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Conversation on Air Pollution Heats Up

inversion over salt lake valley.
Flickr Creative Commons
Winter inversions get a lot of northen Utahns complaining --- and engaged in finding solutions. Lawmakers, regulators, industry and the public are tackling the issue on many fronts.

  Air pollution used to be something Utahns just griped about. That’s changing, according to Kerry Kelly a University of Utah scientist and member of the state Air Quality Board.

“There’s also been a discussion about solutions,” she says. “We’ve started to see some action from the Legislature. This has instigated a lot of discussion among people.”

Everyone seems to be talking about air pollution in northern Utah this month, and the community agenda is full of opportunities to learn more.

Kelly’s helped organize the Science for Solutions workshop that begins on Tuesday.

It’s among a dozen opportunities Utahns have this month to get informed and involved. Primary Children’s Hospital focuses Thursday on pollution’s impact on children’s health. On the 27th  during the Sundance Film Festival, the Salt Lake Chamber of Commerce, the U and nonprofits have come together to host a forum at the Leonardo. State Representative Becky Edwards represents North Salt Lake. She says people aren’t just talking about pollution, they’re working together for cleaner air.

“It becomes less about an environmental activist issue and more about seeing us in a greater sense as a community and all sharing this issue.”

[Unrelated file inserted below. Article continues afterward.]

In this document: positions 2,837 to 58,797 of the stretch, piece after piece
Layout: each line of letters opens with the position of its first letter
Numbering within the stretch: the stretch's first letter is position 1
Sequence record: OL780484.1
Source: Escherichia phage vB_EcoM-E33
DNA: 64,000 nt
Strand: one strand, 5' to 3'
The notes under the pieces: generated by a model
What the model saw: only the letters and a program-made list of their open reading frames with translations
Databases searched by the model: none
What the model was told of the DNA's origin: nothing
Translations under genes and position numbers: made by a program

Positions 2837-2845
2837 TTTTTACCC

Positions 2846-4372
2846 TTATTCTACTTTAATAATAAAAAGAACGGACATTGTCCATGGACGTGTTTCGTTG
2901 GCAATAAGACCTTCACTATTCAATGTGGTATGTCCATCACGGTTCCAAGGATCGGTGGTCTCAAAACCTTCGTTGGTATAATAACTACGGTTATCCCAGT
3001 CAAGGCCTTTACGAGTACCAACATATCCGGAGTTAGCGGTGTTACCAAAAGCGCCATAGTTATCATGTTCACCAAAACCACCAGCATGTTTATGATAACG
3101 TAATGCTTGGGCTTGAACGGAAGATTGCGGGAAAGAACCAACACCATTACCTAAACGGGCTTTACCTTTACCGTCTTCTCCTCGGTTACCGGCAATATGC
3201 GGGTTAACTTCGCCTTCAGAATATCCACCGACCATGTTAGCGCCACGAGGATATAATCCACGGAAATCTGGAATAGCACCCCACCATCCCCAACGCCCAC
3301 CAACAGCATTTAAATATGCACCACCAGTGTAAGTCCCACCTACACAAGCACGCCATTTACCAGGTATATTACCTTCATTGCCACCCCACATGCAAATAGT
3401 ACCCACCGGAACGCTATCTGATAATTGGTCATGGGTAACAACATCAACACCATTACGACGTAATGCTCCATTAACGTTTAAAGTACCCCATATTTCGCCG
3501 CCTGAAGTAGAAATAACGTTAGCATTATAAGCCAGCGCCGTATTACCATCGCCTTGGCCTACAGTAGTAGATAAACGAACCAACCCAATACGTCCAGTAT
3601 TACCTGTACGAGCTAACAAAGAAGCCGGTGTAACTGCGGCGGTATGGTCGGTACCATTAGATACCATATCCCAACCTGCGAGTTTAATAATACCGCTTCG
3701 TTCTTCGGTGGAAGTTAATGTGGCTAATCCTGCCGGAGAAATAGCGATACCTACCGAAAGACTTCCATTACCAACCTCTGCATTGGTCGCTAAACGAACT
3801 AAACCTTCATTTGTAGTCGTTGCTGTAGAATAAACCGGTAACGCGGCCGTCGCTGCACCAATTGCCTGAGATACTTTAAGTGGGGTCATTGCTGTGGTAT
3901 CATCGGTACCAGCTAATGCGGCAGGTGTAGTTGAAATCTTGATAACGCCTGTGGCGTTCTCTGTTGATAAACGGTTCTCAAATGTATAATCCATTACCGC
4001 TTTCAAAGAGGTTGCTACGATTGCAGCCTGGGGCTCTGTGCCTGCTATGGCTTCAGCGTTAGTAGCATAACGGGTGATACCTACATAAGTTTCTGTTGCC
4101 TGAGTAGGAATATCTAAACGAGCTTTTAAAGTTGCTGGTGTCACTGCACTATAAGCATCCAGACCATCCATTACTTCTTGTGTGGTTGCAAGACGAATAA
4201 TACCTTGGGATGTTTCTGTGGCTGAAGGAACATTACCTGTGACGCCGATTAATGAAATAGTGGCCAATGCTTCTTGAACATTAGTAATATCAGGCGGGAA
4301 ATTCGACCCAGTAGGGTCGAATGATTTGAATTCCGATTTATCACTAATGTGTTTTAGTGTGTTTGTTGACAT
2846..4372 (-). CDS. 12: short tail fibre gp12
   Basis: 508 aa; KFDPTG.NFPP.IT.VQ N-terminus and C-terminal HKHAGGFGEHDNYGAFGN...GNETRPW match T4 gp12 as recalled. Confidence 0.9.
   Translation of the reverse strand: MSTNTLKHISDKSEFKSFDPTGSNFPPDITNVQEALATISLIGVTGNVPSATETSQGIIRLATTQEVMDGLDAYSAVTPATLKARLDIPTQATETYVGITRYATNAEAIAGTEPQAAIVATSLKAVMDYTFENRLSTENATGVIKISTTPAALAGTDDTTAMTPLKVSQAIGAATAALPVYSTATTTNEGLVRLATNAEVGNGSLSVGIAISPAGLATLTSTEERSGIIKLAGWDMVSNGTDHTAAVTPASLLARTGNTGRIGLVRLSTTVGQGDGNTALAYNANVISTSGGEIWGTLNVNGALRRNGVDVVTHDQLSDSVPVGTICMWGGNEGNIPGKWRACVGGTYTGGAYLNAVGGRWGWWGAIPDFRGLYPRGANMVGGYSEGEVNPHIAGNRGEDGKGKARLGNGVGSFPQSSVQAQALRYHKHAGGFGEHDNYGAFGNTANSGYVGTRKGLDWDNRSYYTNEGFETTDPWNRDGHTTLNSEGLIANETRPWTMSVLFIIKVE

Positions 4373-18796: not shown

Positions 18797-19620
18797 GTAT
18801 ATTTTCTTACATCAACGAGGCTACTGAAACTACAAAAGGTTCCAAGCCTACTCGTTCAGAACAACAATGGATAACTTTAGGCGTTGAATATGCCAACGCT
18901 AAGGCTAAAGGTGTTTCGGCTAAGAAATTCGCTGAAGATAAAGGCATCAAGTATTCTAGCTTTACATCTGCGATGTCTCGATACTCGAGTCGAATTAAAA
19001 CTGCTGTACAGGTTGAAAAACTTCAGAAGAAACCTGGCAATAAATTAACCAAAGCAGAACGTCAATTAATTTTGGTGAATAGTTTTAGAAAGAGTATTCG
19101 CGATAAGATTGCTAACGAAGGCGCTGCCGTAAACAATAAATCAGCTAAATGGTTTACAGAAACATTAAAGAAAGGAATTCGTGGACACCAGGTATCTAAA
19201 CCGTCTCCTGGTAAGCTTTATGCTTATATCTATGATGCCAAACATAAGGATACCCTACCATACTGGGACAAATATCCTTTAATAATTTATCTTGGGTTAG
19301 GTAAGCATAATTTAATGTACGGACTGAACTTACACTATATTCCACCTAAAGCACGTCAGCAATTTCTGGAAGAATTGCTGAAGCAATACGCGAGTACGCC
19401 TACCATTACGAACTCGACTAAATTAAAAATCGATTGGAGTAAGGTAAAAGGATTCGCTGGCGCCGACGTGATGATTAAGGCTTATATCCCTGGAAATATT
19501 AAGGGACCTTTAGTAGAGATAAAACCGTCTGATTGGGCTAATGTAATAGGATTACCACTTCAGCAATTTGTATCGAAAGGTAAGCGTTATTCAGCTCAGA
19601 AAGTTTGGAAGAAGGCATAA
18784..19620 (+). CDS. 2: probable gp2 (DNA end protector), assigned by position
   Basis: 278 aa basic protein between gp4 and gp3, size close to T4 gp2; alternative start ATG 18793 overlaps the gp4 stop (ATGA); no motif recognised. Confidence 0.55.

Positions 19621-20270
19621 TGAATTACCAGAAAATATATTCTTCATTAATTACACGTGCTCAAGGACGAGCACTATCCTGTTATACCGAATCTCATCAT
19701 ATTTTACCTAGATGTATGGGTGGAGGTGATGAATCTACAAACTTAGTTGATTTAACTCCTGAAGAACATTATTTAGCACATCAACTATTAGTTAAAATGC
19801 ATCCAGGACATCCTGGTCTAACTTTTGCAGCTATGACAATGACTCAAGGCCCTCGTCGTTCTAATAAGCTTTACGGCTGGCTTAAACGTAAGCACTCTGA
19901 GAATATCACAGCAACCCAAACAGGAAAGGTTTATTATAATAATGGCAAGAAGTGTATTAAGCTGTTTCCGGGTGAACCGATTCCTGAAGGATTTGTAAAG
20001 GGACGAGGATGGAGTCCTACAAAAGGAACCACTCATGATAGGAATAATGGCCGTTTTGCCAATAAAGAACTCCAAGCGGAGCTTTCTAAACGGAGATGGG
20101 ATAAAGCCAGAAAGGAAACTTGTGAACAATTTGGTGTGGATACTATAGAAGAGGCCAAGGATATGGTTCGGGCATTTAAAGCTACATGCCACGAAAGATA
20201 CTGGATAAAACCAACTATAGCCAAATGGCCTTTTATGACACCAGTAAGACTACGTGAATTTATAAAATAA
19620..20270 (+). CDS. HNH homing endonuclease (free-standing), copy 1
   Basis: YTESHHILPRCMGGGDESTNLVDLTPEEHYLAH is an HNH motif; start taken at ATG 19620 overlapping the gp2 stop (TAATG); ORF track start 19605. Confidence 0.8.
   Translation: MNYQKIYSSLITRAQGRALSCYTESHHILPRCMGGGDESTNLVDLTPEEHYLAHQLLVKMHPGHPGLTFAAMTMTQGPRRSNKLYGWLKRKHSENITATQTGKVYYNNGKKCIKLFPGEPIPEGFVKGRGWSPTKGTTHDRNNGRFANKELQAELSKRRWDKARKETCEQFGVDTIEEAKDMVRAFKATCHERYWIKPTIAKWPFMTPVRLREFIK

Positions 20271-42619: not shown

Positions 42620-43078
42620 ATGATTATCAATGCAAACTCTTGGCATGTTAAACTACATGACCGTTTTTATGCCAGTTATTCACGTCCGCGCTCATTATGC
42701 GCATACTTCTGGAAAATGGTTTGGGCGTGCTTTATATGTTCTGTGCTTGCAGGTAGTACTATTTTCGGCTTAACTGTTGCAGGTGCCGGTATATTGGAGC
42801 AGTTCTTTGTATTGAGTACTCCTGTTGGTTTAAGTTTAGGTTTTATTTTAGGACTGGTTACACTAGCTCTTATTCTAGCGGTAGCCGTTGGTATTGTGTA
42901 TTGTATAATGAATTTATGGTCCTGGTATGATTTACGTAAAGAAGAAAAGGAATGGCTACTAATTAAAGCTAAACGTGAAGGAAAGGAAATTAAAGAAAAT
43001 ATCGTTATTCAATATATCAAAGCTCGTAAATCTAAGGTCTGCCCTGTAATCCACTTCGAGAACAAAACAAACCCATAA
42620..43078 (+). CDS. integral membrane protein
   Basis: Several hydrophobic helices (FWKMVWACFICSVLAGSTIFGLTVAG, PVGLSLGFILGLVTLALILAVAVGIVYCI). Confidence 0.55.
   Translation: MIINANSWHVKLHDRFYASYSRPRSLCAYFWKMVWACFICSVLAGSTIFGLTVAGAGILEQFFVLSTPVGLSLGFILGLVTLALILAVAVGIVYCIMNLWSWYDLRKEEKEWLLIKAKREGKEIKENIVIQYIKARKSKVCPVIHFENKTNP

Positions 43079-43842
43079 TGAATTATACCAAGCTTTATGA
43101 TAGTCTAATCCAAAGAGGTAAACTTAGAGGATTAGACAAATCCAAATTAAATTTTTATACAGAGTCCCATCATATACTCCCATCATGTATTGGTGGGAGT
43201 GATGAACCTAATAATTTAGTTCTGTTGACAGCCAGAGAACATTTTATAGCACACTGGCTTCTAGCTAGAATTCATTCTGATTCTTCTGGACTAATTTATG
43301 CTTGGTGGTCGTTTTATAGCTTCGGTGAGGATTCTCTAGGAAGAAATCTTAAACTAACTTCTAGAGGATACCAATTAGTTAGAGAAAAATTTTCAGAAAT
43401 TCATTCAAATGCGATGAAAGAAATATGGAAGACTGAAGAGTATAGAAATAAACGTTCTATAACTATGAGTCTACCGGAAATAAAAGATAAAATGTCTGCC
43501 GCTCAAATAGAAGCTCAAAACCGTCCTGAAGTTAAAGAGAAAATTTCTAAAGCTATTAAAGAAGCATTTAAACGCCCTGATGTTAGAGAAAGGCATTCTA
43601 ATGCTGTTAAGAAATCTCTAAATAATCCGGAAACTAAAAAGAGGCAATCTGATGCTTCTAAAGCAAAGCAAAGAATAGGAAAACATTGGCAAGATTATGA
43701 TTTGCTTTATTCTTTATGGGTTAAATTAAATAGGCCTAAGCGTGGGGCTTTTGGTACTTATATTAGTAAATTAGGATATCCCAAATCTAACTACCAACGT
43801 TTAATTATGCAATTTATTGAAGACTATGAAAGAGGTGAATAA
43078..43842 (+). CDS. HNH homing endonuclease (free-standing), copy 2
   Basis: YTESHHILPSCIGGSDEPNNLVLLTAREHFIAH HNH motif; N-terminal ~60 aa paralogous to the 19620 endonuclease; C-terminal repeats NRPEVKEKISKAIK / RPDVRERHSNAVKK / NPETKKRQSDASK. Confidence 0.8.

The Clean Air, No Excuses rally at the Capitol is set for the last Saturday of the month. Organizers hope for 10,000 participants, roughly double last year’s attendance.

Judy Fahys has reported in Utah for two decades, covering politics, government and business before taking on environmental issues. She loves covering Utah, where petroleum-pipeline spills, the nation’s radioactive legacy and other types of pollution provide endless fodder for stories. Previously, she worked for the Salt Lake Tribune in Utah, and reported on the nation’s capital for States News Service and the Scripps League newspaper chain. She is a longtime member of the Society of Environmental Journalists and Investigative Reporters and Editors. She also spent an academic year as a research fellow in the Knight Science Journalism program at the Massachusetts Institute of Technology. In her spare time, she enjoys being out in the environment, especially hiking, gardening and watercolor painting.
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